While the first broadband content for the Australian TiVo is a fairly prosaic weather widget (see the video below), details are emerging about additional features that will follow. The Australian is reporting that Seven Media Group has done a deal with video chain Blockbuster to give TiVo owners a free movie every week, delivered via broadband. By March 1, 2009 TiVo owners will have access to a catalog of over 100 movies at any one time. This will be a combination of free, advertising supported films form Seven’s library and some video-on-demand releases offered as pay per view by Blockbuster. It sounds like this will be a revolving list of films, a different arrangement from the system in the US with Amazon, Jaman, CinemaNow, and, soon, Netflix.
As in the US, there will also be interactive broadband games available to TiVo users. But, unique to Australia, there will also be basic food and grocery shopping services offered over TiVo. That’s curious, I’m not sure if that kind of service is popular in Australia. Despite buying pretty much everything online, groceries have never been something I’ve bought online. Though I know some people who use services like Peapod, and I hear grocery delivery is more common in cities.
Something else the Australian TiVo will offer is pizza ordering. Now that I can understand, and it is something I’ve suggested TiVo do in the US. I order pizza online via the web from my local Papa Johns, and I order online from other places that offering. Ordering via the web is just easier and more accurate than calling in an order, in my experience, especially when you can pay via credit card. It shouldn’t be hard to write an order front end in HME for the sites. Different vendors could do it themselves, but users would have to manually add them to their TiVo so it would be more valuable of they just showed up on every TiVo like Fandango for movie tickets. C’mon TiVo, you know it is a good idea – skim a little fee on each pizza. But I digress…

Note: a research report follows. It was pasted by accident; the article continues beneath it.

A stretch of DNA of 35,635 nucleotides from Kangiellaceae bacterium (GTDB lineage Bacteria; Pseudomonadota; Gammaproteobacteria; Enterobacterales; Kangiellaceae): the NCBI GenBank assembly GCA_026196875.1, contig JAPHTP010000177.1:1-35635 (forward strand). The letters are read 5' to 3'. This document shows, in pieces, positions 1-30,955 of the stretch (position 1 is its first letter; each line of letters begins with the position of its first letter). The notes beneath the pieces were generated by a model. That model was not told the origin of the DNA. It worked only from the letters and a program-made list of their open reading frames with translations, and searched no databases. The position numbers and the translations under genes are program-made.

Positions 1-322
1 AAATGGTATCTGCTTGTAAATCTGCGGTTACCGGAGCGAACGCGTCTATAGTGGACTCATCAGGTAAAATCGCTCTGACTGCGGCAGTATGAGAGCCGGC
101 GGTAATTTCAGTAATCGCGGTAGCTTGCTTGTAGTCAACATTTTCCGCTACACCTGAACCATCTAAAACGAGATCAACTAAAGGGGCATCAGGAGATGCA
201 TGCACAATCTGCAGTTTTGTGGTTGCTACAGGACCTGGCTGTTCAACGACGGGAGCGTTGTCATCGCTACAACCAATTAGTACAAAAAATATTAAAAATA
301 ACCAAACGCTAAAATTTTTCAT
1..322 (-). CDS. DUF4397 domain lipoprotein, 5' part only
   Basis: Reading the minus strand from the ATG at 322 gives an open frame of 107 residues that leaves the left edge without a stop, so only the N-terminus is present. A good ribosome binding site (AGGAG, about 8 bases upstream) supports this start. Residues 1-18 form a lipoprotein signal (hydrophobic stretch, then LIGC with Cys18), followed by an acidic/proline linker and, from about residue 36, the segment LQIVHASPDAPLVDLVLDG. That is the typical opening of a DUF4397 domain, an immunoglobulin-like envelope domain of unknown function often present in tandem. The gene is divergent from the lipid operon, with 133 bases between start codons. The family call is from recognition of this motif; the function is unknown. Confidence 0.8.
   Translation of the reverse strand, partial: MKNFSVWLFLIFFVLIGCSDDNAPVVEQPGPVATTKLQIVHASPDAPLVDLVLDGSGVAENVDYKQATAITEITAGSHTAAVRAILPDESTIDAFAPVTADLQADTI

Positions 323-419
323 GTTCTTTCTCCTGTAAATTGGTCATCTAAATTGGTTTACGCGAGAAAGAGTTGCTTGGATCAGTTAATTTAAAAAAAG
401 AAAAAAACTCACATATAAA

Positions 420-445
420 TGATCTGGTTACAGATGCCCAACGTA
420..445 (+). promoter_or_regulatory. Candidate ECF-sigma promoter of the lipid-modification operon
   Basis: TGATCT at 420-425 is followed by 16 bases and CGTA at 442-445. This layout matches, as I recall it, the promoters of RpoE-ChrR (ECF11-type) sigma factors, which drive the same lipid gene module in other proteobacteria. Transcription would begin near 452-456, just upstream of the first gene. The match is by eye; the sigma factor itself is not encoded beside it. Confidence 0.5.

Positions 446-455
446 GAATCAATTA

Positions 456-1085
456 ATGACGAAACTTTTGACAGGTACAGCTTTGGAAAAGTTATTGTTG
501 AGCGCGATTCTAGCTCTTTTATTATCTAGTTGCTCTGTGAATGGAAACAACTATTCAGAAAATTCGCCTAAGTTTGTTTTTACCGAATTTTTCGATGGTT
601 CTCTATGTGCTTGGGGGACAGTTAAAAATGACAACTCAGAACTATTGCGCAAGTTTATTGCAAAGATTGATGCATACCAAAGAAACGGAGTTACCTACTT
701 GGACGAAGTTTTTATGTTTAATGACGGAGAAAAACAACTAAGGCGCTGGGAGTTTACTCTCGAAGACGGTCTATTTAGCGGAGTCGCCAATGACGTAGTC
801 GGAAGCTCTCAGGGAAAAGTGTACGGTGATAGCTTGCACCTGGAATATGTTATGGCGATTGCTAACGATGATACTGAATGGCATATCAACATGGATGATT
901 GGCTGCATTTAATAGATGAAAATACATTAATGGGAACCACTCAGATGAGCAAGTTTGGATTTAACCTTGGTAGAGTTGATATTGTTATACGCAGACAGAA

It sounds like the focus for broadband content and services on the Australian TiVo will be advertising supported, with pay-per-view on some of the premium offerings. The ad-funded content will work much like ad-supported content on the Internet with short breaks of no more than to ads before, in the middle, and at the end of the program. As broadband rates can be high in Australia, and bandwidth caps much lower than in the US, they’re approaching ISPs to offer an unmetered download service for TiVo devices, to be called TiVo Uncapped, separate from the home’s standard Internet service.